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Figure 6: (A) ? Structure of transforming soft callus 10 days after the break. SEM. Magnification 400x. (B) ? Structure of bone developing from soft callus 20 days after the break. SEM. Magnification 400x.

 

Along with the modification of the soft callus into hard callus, i.e. bone, there are additional processes accompanying development of blood vessels, including modification of bone marrow cells, their evolution into osteoblasts, and creation of collagen strands. It is interesting that collagen strands developing in the callus have crystallization centers located almost identically to those in the “original” bone’s collagen. Owing to that, collagen mineralization by apatite crystallized from alkaline phosphatase results in development of bone whose morphological and physicochemical attributes are the same as those of the original bone.

2. Conclusion
The processes of endothelium development and new blood vessels formation were described by Harper and Shahneh [16-17], among others. It was noted that endothelium cells proliferation and stopping angiogenesis of blood vessels within tumors were essential issues [18].

Common characteristic of all described angiogenesis cases is undoubtedly development of particular physicochemical environment connected with tissue hypoxia, which leads to angiogenesis. Such environment includes local excess of carbon dioxide and cell metabolites in the area, which cannot be eliminated by destroyed blood vessels (or lack of them ? tumors) [18,19].

Conducted research and observations indicate the existence of local acidification of tissue in the areas of angiogenesis, which is a result of the increase in CO2 levels. Such acidification may be the main factor in the local angiogenesis processes.

While debating acidification of tissue environment as the factor stimulating blood vessels development, we need to explain that phenomenon in detail. Since pH is, according to definition, the negative of the logarithm to base 10 of the activity of the hydrogen ion, the potential role of protons (H+) in the blood vessels forming phenomenon needs to be explained.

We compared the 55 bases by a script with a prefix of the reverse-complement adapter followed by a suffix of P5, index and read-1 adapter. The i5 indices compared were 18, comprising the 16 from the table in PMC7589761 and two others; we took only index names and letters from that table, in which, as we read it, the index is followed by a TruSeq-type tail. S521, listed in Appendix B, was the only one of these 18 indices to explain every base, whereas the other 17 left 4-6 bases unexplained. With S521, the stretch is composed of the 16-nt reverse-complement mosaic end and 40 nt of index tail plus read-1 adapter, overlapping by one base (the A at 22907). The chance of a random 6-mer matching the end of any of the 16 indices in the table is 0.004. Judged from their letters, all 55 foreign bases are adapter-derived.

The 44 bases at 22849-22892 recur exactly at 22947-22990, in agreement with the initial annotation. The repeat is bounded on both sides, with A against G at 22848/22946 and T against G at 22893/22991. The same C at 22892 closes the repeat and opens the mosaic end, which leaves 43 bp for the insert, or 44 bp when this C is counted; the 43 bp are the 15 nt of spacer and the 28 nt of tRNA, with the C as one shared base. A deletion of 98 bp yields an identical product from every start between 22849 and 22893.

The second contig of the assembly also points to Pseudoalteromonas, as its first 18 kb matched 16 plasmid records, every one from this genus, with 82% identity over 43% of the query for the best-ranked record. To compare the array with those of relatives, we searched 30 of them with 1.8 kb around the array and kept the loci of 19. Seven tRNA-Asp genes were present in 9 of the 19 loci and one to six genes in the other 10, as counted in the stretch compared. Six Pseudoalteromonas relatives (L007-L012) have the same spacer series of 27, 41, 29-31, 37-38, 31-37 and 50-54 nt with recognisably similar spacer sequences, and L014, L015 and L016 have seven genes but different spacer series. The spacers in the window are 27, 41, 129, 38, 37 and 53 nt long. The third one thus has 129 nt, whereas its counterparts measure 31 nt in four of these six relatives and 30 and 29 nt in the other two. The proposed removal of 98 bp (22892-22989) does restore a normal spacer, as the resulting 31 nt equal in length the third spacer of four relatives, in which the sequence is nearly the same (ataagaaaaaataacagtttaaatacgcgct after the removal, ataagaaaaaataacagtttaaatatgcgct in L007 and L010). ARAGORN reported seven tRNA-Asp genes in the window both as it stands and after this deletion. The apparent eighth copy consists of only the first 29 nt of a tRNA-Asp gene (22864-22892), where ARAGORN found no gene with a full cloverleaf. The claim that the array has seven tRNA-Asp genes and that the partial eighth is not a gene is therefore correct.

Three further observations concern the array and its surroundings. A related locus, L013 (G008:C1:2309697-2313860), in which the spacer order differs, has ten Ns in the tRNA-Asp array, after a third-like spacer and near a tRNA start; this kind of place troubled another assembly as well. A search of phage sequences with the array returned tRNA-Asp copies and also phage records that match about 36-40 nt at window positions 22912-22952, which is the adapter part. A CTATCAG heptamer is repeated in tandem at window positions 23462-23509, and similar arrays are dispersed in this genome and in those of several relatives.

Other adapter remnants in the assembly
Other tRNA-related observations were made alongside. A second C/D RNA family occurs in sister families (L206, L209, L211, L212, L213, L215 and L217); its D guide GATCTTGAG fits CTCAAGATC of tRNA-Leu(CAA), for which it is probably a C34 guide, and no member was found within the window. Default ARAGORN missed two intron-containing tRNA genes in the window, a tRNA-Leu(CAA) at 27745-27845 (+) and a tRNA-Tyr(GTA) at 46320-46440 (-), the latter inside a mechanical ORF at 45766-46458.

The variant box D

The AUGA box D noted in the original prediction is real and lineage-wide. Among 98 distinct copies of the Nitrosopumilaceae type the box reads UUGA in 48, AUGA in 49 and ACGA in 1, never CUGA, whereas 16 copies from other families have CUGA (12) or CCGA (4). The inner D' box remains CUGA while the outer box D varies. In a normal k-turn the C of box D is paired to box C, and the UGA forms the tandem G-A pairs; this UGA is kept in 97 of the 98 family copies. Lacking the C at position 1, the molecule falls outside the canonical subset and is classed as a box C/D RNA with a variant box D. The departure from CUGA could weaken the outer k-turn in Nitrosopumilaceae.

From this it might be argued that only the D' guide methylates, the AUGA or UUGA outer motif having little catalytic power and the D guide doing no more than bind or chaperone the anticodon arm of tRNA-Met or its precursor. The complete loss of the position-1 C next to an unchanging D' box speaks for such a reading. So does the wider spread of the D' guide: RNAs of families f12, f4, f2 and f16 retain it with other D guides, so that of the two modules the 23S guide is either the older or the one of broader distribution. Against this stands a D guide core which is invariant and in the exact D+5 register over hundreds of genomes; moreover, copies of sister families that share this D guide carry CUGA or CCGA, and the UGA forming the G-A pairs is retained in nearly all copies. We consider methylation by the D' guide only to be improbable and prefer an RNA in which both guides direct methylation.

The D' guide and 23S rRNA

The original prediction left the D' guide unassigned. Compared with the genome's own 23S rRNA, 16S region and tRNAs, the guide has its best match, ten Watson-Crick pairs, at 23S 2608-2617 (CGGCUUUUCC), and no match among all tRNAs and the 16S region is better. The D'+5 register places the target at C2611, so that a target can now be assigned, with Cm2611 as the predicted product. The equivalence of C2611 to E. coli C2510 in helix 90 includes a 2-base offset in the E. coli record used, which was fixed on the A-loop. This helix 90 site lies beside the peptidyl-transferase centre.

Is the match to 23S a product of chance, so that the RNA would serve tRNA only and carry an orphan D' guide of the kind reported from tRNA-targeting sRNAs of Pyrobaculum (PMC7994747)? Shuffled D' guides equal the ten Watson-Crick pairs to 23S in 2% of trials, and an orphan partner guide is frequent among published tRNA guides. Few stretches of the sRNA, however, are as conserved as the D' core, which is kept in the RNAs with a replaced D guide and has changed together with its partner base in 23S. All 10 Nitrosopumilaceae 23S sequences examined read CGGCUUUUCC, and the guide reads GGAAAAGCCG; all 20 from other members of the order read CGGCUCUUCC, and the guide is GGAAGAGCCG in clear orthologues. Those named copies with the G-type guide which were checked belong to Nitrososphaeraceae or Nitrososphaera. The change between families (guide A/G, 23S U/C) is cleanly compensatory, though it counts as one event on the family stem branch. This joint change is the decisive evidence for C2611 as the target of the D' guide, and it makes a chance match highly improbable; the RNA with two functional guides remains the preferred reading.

Free protons are created in acidified tissue environment through dissociation ? from easily dissociating carbonic acid, which develops due to the local excess of CO2. The role of protons appears to be important in the stimulation of intima, and in particular its cells. Its cellular membranes are built of phospholipids with a polar structure. Characteristic of such structure is the presence of charges on the polar opposites of the phospholipids’ particles. It appears that protons present in acidic environment may change or modify polarization of phospholipids. That phenomenon stimulates the endothelium cells to proliferate and develop toward blood vessels formation. Endothelium development is considered to be the main element in blood vessel formation.

That hypothesis should be proved by experiments, which are regrettably impossible to perform in the laboratory which the author has access to at the AGH University of Science and Technology.

If proved, it should allow us to stimulate formation of blood vessels where they are necessary, and stop angiogenesis in places where it is pernicious (tumors). Described process has been confirmed by biomineralogical analysis of bones and mineralization (calcification) of various tissues [11]. Crystallization of apatite and other phosphates in places of calcification occurs in pH over 6.6 (alkalization). Therefore, acidified areas only undergo calcification (mineralization) as the blood vessels develop, tissues are “healed” and their environment returns to slightly alkaline.
Another important issue is stimulation of angiogenesis in areas affected by osteoporosis, as well as stopping its adverse development [20].

On the other hand, creation of collagen, blood vessels, and synthesis of alkaline photosphatase in areas of osteosynthesis in a way similar to that of bone fracture healing should allow for its rebuilding and regeneration.
The potential of these findings, if confirmed, is hard to overestimate in view of the functioning of the whole human body (Pawlikowski 2014, 2015, 2016a, b).

References